Feet, what do I need you for when I have wings to fly?
~ Frida Kahlo
Inspiration to me is often a sentence, with meandering clauses. Ideas come and interact with others until a sentiment forms. This week the theme at Summer of Color is red, a color for passion and blood. We were also given a challenge to use wings in some way. I stumbled along this little quote, so moving in its simplicity, which then inspired me to watch the 2002 movie Frida, directed by Julie Taymor. This is a gorgeous movie, with paintings that come to life! Here's a trailer.. (It's available to watch instantly on Netflix if you have it.)
I was happy to see, not only that red was symbolic for the passion that comes from pain and suffering, but also that the quote above is highlighted at the end of the movie. I've never really known a lot about Frida Kahlo but her story resonated with me very deeply. She spent many, many years suffering from a spinal injury. I developed a serious case of scoliosis which involved a number of surgeries as a teen and it continues to affect me. Although my physical suffering is nowhere near the level that Frida endured, there have been times that my body has felt very broken, and in turn, my spirit. Art has been my wings, just like Frida.
I've been struggling as an artist to communicate messages of hope authentically. I'm past the preoccupation with pain and angst of my early artistic journey. Yet, I am leery of an art that becomes "bubblegum feel good." Hope is much deeper than slapping on a smiley face attitude.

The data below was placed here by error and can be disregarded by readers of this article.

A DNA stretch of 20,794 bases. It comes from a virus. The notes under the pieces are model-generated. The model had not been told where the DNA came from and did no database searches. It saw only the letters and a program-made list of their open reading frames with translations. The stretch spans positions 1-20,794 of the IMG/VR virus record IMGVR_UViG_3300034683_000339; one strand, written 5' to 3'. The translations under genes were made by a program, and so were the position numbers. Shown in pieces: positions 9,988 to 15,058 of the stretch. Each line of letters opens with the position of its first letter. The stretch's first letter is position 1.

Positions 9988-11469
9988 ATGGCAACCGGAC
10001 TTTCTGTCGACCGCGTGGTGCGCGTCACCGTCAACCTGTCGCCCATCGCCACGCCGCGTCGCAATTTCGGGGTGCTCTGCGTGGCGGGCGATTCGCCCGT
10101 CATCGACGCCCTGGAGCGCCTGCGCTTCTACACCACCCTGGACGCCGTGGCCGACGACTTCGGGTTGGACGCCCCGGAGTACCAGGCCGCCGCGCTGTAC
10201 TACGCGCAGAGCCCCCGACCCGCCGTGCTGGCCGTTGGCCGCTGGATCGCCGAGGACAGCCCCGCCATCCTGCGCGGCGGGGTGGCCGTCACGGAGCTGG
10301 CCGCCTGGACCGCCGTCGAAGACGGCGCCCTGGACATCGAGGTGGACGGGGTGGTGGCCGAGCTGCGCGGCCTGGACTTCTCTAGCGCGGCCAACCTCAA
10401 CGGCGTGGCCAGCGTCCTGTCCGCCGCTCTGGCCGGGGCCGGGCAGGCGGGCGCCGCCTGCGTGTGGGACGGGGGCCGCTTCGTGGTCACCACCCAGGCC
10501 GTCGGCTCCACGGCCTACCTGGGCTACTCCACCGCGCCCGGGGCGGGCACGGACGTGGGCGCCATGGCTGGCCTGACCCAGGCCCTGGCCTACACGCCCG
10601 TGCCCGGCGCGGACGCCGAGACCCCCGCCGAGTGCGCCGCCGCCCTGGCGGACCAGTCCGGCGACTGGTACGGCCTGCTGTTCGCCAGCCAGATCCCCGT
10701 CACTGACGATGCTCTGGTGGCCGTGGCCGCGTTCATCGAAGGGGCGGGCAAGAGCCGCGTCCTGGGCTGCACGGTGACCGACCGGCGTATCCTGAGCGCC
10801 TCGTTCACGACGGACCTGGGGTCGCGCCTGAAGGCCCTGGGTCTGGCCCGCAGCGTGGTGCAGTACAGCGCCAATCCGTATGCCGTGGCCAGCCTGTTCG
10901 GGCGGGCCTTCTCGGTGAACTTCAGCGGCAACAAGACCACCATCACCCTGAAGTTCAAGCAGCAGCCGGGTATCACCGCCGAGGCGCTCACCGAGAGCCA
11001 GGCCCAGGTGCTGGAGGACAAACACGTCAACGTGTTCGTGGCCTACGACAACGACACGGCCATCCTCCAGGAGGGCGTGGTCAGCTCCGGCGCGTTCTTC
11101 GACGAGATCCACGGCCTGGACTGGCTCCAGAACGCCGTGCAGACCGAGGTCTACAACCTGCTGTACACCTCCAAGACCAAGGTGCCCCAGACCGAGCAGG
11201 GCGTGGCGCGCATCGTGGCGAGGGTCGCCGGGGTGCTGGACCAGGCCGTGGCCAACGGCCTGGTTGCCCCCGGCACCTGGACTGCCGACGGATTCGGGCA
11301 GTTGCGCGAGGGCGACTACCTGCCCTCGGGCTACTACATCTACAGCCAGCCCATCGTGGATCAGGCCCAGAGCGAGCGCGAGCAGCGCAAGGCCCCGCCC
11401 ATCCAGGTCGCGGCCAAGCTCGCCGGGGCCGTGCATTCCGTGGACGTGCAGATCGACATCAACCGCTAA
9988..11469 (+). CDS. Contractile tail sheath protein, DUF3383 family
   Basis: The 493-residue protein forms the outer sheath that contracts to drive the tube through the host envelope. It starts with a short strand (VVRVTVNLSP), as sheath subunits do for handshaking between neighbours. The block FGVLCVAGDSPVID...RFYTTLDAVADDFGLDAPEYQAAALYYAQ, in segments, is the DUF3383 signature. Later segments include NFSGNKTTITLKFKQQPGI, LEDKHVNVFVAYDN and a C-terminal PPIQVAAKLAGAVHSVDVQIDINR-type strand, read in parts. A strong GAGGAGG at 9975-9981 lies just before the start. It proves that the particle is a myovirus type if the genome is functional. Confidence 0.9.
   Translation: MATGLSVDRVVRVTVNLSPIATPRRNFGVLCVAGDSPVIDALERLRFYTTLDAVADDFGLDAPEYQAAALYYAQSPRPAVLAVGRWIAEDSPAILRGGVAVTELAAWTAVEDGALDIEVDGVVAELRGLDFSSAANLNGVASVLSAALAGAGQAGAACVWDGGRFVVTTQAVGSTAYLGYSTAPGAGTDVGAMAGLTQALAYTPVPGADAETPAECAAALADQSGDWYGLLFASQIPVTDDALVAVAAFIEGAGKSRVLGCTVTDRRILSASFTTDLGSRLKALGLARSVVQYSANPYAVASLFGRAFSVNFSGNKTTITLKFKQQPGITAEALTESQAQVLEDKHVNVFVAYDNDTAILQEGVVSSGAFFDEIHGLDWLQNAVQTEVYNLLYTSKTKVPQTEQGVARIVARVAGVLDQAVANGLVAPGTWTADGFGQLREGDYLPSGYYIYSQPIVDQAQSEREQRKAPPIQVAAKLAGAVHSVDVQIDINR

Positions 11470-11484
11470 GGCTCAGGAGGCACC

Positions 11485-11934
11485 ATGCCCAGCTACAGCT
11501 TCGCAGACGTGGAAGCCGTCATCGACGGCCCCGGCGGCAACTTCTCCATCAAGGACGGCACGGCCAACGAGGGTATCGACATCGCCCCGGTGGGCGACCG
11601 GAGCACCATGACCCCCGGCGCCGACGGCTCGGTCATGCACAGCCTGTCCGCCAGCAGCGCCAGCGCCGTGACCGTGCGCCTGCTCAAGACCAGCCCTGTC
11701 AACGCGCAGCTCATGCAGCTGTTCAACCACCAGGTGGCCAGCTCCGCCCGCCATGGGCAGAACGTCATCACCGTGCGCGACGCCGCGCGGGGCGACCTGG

Today as I continued to work on this piece, a friend had posted a trailer for the recent PBS POV documentary Biblioburro: The Donkey Library. (The full movie can be watched at the link to the left.)
Luis Sorrano is a Colombian teacher who brings the message of courage, strength, and hope amidst violence each week to children in poor provinces through his traveling library. In one touching scene, he asks children to draw their stories with crayons and says " Even bad memories have pretty colors." The color, the vivid passion, is made alive through the context of turmoil .
I am not one to boast that the purpose of suffering is to create beauty. I do believe, that we have the ability to take our difficult experiences, to shape them in our hearts, and use them to do good.. whether it is creating beautiful art or helping our neighbor. The "why" behind our suffering is not as important as "what" we do with it.
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